The following article by David Strange originally appeared in The Courier-Journal on 4 Jul 2012. It is archived here with additional information for your reading enjoyment.
You hear a lot of grumbling about "the government" in our country. Heck, on occasion you might hear it from me.
It sometimes seems to be the American pastime.
And there is certainly much to complain about.
But you'll seldom hear anything bad said about "America." Especially on the Fourth of July.
For all the fears, anger, and outright disgust about how America is run, there still remains great pride in, and reverent love for, our great land of promise and fulfillment; of freedom and respect; of God and Country.
So allow me to wax patriotic this time, on this day of our nation's birth.
America. Independence Day. The Fourth of July. Say those words and the head still rises a bit and the body straightens. The heart can't help but swell a little with pride.
Memories and celebration are strong here. Flags and fireworks are mentioned in our local newspapers on the Fourth of July as far back as there are papers. There were fireworks displays and parades in the county in the 1790's and the 1890's.
I, myself, fondly remember annual family events during my childhood with sparklers and firecrackers and picnics and lots of red, white, and blue. As many people do, I still like to decorate my house for the holiday.
I remember in the 1980's there were free fireworks shows at the county fairgrounds. I remember those shows as a comfortable summer evening of families and children. It was an all volunteer event, as I remember it, with every-day citizens raising money for the fireworks, and volunteer firefighters helping shoot them off. It would sometimes get a little comical when things didn't exactly go as planned, and occasionally it would even get dangerous with a misfired rocket. But everyone did their best. Despite the generosity of several good people, there wasn't enough money to afford many "big booms," so the fireworks would be spaced out, seemingly five or ten minutes apart. The thing I remember most proudly, though, as a common American, was that there were no government mandates needed to mark our nation's founding. No requirement that we show up and parade for the government. Americans, everyday American citizens, simply came out and did it.
And today that volunteer spirit has blossomed into the fantastic "Bullitt Blast" at Paroquet Springs Conference Center in Shepherdsville, with vivid and lavish fireworks that thousands of people enjoy every year free of charge, and of which its producers can be rightly proud.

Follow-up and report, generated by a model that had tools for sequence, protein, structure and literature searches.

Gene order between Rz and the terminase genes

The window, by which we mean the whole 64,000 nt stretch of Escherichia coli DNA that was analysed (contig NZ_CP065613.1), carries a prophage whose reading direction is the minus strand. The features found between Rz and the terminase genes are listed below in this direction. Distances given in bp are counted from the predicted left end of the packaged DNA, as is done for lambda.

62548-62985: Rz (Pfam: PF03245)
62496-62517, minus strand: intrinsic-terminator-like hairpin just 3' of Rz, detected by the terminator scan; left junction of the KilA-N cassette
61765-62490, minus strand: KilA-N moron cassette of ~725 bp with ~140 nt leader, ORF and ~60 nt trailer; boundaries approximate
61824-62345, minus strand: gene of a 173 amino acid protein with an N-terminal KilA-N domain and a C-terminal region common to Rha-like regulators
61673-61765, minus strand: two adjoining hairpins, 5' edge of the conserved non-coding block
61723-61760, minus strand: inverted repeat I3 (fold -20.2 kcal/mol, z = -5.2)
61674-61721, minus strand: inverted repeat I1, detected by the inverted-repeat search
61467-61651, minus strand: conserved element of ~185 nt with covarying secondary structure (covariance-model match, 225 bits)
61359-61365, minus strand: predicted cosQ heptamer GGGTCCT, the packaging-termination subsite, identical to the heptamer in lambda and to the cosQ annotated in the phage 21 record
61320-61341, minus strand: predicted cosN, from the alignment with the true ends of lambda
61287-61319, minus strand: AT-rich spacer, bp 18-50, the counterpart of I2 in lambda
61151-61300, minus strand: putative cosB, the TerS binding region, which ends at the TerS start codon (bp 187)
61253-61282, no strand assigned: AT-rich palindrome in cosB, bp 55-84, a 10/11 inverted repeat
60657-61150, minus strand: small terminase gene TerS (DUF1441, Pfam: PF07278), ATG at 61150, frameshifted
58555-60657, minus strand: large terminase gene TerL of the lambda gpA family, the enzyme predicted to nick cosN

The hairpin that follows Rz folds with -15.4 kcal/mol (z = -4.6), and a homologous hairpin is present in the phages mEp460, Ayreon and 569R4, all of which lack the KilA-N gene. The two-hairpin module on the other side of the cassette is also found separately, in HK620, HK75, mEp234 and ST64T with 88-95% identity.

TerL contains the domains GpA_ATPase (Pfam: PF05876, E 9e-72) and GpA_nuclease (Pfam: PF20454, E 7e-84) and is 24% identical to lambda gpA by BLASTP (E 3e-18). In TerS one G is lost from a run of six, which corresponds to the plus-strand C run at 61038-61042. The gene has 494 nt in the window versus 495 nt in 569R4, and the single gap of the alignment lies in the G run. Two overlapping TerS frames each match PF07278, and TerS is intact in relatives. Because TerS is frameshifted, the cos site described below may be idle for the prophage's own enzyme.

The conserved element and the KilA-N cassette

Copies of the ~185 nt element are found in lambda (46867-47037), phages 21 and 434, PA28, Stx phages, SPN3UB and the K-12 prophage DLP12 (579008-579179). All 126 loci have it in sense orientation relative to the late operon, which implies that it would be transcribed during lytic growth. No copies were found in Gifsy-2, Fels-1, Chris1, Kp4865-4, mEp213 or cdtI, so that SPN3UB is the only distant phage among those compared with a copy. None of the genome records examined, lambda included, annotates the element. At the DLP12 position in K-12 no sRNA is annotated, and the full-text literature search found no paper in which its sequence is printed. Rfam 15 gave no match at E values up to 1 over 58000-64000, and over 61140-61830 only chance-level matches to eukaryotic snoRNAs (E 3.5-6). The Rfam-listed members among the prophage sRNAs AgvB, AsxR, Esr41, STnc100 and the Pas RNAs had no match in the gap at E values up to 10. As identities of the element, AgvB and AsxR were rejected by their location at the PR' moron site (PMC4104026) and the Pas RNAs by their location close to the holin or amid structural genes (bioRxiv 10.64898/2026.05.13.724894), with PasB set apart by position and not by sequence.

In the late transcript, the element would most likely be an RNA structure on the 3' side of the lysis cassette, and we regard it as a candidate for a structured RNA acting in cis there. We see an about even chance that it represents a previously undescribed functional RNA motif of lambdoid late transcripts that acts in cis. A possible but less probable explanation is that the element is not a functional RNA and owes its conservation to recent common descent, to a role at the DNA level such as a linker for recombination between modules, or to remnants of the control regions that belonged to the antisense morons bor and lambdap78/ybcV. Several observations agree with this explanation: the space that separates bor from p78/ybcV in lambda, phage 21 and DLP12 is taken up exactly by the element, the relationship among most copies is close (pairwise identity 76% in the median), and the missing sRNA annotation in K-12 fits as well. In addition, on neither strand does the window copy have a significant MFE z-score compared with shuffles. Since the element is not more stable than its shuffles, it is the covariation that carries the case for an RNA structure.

And seemingly in every yard, every home, no matter how humble, there will be at least a small flag, a sparkler, or a firecracker or two.
America celebrates another birthday.
Despite all her faults, the flag of America still stands tall in our minds, our hearts, and our homes. America remains one of the few countries on earth where regular people place the flag all around our homes and communities "just because we want to." Just because it seems important to do so.
The flag still means so much to most of us.
I still see grown men swell up at the sight of her, memories welling up in their eyes. The flag, and America itself, might be abused and misused along the way, but it is still The Flag. Still America. The one land to which everyone else wants to come. The one land in which we might rightly complain about, and protest about, but never, ever, seriously consider leaving.
Winston Churchill once famously said in a speech in America, "Democracy is the worst form of government, except for all the others that have been tried."
It often seems our people do everything they can to prove Churchill right about the "worst form" part, but we still survive, still strive to do good, and still rightly hold our heads up for the effort.
Flags come out as they always have on the Fourth of July. Sometimes in pride, sometimes in reverence; sometimes with a mix of frustration and worry about where we are going. But always with respect for where we have been and where we want to be. Many flaws, many errors, many sins have been done in the name of our flag. Much like any one of us with our own lives and families. But, again like each one of us, with a strong heart and a hope for the future, we move forward with grand expectation.
America the Beautiful.
Independent and free.
Happy Fourth of July everyone!
Light a firecracker for me!
Copyright 2012 by David Strange, Shepherdsville KY. All rights are reserved. No part of the content of this page may be included in any format in any place without the written permission of the copyright holder.
The Bullitt County History Museum, a service of the Bullitt County Genealogical Society, is located in the county courthouse at 300 South Buckman Street (Highway 61) in Shepherdsville, Kentucky. The museum, along with its research room, is open 9 a.m. to 4 p.m. Monday, Tuesday, Wednesday and Friday; and from 9 a.m. to 6 p.m. on Thursday. Admission is free. The museum, as part of the Bullitt County Genealogical Society, is a 501(c)3 tax exempt organization and is classified as a 509(a)2 public charity. Contributions and bequests are deductible under section 2055, 2106, or 2522 of the Internal Revenue Code. Page last modified: 27 Jan 2021 . Page URL: bullittcountyhistory.org/memories/july4.html